Over the last three and a half months the BBC has treated it's audience to not one, not two, but three dramas set in the 1930s. I had originally wanted to publish this post after the last episode of South Riding but I never got around to it (oops!) but when the latest 1930s based drama, 32 Brinkburn Street, came to an end it was the perfect excuse! Personally, I've loved that this often overlooked decade has been shown to the public, portraying all different areas of Britain and different social statuses too.
At Christmas the long awaited Upstairs, Downstairs was televised - cue online battles between Upstairs, Downstairs fans and Downton Abbey - and I loved it! The cast was glamourous, the script entertaining and the storylines covered serious issues of the time - like the chauffeur Harry Spargo (played by the delicious Neil Jackson) and Lady Persie's (Claire Foy) involvement with the British Union of Fascists - whilst making them relevant to today. I'm so glad it was recommissioned for a full series after the three part taster, and I can't wait to see what's to come for the Holland's and their troupe of servants!
Next came the dramatisation of Winifred Holtby's 1936 novel South Riding. Set in a backwards South Yorkshire town, it sees the transformation of the inhabitants with the arrival of the heroine, Sarah Burton, played by Anna Maxwell Martin. I must admit I've never read the book (although it is now on my very long, ever growing list) but the BBC's portrayal was very interesting. However I felt it was a little rushed, especially in the third, and final, episode, and left me feeling "Oh, was that the end?". Perhaps if it had been divided into more episodes it would have been better? Still, it was an interesting drama, showing the hardships of the decade in reflection to the still rather lavish life lived by those Upstairs in Upstairs Downstairs.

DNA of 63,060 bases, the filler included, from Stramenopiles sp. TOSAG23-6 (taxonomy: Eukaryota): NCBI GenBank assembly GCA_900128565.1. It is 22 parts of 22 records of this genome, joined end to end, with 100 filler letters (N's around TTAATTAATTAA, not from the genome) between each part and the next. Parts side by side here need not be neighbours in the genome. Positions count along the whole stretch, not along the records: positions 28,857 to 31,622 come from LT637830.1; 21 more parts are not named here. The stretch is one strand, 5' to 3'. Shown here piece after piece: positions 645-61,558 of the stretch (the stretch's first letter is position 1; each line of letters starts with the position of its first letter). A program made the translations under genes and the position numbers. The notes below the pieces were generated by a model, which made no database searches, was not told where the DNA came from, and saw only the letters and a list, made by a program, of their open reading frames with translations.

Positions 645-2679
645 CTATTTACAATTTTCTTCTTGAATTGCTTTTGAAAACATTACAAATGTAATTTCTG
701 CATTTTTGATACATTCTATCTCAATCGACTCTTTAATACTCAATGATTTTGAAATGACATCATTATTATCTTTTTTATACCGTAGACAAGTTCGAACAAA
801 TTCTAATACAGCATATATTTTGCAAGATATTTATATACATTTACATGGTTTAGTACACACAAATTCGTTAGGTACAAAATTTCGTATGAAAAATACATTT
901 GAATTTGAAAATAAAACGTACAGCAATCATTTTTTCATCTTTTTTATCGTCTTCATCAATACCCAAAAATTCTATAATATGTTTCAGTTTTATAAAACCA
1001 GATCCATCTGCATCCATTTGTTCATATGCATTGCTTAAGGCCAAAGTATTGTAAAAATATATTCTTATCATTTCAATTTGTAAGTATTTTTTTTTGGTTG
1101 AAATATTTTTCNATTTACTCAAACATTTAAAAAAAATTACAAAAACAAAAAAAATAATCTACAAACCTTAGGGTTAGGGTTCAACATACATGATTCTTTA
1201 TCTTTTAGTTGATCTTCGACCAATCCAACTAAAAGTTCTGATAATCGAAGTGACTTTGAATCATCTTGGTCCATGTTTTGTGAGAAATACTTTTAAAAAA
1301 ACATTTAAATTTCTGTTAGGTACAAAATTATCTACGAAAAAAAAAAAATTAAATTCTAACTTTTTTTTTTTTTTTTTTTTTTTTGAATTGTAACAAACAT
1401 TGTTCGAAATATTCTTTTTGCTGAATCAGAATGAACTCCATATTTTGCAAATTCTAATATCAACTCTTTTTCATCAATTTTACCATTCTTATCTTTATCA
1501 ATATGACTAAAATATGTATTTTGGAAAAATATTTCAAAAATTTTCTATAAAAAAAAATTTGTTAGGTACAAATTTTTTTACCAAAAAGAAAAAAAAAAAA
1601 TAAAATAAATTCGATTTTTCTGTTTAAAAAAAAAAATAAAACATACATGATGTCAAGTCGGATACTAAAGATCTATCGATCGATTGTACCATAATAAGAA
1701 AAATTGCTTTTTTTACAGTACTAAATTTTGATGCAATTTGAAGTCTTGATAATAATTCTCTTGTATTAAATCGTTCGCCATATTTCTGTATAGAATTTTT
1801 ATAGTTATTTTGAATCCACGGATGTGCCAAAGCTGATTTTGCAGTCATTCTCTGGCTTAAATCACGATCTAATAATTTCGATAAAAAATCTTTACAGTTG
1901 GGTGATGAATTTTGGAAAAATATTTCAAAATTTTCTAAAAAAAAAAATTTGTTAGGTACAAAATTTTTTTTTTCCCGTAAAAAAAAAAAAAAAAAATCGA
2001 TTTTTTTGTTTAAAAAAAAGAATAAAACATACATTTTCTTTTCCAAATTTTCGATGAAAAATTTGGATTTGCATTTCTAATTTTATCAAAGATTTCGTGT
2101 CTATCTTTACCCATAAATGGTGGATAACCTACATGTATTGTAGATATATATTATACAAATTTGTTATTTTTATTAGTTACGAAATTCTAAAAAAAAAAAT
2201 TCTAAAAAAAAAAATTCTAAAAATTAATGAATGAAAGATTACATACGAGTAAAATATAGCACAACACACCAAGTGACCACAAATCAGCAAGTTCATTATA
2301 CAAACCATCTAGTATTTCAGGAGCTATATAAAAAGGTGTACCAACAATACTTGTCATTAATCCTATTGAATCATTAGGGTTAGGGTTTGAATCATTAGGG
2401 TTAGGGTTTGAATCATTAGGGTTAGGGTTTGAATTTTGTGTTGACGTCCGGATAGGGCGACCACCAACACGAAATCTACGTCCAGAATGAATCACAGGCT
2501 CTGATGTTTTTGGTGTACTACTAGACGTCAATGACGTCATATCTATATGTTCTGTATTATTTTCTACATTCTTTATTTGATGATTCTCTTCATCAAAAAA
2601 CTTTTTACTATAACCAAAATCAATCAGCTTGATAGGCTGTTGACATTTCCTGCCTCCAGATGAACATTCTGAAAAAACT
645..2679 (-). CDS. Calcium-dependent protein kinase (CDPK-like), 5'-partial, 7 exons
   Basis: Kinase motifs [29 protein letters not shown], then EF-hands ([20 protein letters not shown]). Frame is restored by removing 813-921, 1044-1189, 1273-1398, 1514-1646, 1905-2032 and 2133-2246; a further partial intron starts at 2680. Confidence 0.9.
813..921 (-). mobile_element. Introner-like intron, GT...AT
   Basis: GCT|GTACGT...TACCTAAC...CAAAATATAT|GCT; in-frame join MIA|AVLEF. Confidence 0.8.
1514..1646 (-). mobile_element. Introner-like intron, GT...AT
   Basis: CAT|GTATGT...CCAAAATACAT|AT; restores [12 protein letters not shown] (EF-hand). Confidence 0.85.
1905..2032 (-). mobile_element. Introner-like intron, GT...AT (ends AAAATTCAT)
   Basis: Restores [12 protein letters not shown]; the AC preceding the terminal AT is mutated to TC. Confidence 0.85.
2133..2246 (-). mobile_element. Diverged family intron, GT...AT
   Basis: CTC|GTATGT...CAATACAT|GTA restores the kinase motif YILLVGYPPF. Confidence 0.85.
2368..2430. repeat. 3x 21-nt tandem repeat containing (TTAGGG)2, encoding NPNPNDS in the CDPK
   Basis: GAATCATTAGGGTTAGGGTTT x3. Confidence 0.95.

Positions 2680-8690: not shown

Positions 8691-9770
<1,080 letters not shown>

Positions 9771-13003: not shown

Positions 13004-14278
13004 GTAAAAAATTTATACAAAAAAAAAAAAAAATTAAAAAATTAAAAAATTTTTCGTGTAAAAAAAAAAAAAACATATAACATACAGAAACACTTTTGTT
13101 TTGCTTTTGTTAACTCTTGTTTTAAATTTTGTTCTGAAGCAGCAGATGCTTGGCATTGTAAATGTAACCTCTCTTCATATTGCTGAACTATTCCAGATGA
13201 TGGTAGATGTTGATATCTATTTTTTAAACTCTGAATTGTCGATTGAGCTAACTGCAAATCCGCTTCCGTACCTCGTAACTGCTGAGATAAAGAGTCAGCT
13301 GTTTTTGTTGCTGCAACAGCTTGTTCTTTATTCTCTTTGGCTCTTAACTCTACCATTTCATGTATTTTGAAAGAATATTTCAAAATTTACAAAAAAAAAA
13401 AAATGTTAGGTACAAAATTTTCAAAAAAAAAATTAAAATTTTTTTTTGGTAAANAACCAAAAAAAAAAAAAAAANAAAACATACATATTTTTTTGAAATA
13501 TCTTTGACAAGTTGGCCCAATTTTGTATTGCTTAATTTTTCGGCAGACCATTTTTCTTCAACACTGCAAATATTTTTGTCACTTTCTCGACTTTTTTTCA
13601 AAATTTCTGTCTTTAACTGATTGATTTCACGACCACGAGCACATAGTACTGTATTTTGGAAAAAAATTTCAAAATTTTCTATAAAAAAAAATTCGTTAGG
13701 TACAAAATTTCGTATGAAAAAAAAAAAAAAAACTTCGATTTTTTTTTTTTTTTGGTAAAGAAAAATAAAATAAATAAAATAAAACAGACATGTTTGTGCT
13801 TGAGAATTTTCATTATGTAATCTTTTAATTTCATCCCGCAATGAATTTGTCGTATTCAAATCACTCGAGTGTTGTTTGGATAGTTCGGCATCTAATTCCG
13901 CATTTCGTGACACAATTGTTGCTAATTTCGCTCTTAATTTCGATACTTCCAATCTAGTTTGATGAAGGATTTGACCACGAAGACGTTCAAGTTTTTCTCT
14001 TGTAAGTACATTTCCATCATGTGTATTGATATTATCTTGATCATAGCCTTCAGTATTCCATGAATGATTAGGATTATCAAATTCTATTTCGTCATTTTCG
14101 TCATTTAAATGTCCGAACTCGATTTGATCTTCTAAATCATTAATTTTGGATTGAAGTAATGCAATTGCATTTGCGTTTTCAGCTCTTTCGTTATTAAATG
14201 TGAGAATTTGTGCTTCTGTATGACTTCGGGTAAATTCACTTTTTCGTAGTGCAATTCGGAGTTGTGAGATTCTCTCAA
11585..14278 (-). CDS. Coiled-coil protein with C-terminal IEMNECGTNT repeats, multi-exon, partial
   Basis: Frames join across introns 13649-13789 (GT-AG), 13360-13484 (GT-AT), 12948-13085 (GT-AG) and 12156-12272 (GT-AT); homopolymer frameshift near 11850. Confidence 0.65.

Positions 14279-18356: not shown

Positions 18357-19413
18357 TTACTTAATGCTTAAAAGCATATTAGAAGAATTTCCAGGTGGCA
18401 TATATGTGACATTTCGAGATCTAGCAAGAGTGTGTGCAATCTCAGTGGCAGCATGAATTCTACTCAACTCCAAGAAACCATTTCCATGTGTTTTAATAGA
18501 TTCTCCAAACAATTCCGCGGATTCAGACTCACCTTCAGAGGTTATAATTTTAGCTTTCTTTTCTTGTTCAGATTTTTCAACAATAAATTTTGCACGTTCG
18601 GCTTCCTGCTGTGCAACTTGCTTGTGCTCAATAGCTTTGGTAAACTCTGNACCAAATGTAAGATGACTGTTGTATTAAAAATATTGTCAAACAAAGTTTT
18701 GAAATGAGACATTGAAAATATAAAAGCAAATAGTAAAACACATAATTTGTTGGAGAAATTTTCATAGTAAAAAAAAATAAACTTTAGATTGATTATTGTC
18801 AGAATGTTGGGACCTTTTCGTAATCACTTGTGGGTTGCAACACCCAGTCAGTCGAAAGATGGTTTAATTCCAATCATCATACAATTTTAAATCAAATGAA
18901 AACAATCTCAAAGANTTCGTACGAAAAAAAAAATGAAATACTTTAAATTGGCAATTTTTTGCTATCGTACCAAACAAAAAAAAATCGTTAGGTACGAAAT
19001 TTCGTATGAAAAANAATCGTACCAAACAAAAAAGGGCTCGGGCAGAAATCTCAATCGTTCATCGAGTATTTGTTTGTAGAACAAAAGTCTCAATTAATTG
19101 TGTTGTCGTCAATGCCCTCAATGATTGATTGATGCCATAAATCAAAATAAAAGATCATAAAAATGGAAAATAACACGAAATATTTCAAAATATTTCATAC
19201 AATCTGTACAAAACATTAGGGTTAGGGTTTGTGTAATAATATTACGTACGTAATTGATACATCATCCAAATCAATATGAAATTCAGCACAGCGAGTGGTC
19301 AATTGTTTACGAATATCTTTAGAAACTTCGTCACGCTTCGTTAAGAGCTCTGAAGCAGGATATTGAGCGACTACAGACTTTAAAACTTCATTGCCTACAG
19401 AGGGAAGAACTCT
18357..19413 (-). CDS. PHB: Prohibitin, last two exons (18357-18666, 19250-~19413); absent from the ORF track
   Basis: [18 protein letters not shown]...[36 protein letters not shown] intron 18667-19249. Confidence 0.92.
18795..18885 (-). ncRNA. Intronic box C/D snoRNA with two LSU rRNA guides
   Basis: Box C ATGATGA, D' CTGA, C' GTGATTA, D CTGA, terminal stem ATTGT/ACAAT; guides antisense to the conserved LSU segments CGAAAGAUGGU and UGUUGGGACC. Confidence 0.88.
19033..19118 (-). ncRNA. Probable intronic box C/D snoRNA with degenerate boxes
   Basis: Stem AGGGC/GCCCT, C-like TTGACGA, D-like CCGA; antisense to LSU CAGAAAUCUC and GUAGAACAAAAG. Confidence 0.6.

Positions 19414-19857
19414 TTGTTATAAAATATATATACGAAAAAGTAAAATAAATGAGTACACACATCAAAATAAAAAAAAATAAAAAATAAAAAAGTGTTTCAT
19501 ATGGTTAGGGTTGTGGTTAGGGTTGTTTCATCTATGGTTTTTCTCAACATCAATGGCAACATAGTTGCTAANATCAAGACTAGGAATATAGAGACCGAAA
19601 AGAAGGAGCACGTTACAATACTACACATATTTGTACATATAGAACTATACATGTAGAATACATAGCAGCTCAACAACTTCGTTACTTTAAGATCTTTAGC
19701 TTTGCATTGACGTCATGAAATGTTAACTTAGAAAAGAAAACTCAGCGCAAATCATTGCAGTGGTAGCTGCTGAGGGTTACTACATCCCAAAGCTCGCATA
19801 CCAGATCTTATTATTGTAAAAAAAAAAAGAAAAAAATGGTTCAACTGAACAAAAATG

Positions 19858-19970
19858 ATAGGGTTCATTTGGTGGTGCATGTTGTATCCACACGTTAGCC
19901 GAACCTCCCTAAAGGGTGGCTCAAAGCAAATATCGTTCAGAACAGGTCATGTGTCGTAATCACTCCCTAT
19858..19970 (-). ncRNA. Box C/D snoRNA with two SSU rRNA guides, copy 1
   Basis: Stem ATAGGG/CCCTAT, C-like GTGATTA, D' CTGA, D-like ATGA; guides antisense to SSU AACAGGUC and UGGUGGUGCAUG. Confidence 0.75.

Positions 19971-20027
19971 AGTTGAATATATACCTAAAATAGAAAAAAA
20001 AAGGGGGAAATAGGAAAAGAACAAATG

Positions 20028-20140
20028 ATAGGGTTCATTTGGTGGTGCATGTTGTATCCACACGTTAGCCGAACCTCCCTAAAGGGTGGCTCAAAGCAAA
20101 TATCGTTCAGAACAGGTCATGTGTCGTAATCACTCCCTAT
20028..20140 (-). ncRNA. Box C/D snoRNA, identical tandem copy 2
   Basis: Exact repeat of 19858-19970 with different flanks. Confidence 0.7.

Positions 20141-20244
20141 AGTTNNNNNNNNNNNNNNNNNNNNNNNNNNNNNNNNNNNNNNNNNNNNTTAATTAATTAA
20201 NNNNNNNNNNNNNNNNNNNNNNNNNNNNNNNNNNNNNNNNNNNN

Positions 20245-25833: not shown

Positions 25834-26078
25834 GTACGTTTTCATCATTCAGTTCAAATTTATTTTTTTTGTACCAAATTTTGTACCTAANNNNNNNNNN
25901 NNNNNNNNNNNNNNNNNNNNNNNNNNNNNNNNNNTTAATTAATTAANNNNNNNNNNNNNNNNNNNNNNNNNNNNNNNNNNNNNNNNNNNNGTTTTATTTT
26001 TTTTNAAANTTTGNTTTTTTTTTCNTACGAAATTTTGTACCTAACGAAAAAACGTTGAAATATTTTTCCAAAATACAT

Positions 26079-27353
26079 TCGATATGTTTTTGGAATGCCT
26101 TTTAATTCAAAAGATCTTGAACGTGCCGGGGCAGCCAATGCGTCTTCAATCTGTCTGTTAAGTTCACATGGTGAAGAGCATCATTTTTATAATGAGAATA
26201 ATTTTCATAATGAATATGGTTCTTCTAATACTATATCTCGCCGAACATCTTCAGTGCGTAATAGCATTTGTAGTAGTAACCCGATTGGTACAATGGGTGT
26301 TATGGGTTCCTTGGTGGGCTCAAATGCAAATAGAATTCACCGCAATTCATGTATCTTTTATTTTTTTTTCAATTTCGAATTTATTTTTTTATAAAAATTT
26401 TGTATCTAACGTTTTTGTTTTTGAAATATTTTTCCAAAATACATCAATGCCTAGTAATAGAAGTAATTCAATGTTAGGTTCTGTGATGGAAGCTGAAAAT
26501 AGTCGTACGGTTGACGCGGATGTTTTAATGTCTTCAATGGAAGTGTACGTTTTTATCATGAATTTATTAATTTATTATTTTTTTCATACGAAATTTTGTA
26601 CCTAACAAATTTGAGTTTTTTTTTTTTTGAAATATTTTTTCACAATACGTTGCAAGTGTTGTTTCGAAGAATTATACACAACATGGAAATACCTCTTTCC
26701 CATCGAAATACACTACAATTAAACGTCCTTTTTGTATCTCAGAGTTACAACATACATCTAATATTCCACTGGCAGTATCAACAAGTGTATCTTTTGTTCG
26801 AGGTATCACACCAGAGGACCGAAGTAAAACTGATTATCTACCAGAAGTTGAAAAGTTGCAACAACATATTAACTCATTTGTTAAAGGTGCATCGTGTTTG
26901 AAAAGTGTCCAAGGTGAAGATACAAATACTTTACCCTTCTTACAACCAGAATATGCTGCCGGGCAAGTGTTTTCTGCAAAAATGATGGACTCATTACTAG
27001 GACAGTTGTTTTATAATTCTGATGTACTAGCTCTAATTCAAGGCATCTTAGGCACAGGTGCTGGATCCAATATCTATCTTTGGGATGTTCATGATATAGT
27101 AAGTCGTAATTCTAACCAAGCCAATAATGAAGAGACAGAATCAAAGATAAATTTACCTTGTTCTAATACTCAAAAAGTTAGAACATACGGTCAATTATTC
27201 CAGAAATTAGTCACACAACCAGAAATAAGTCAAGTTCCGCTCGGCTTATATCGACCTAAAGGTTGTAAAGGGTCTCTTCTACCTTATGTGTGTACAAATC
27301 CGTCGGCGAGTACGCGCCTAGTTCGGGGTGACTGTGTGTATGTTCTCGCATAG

Finally we have the afternoon drama shown this week entitled 32 Brinkburn Street. The show is split between 1931 and 2011, and follows the lives of Frank Ogilvie and his family in both eras. The storyline in 1931 is a little far fetched - so perfect for an afternoon viewing with a cuppa tea and slice of cake! - and include a bricked up corpse of a murder victim (but who is it!?) and an Irish man on the run who has an affair with his landlady. The writers cleverly connected the two eras with similar characters, like elderly relatives that feel unwelcome, teenagers growing up, and fathers struggling with various addictions. The show was strangely addictive, if a little cheesy, but it was a nice depiction of everyday 1930s life - although I don't think my family ever had as much drama in their lives as the Ogilvie's!
So, with the award winning King's Speech and the BBC's influx of 1930s shows, can it be said that the 30s is the decade for 2011? I hope so! I truly hope so!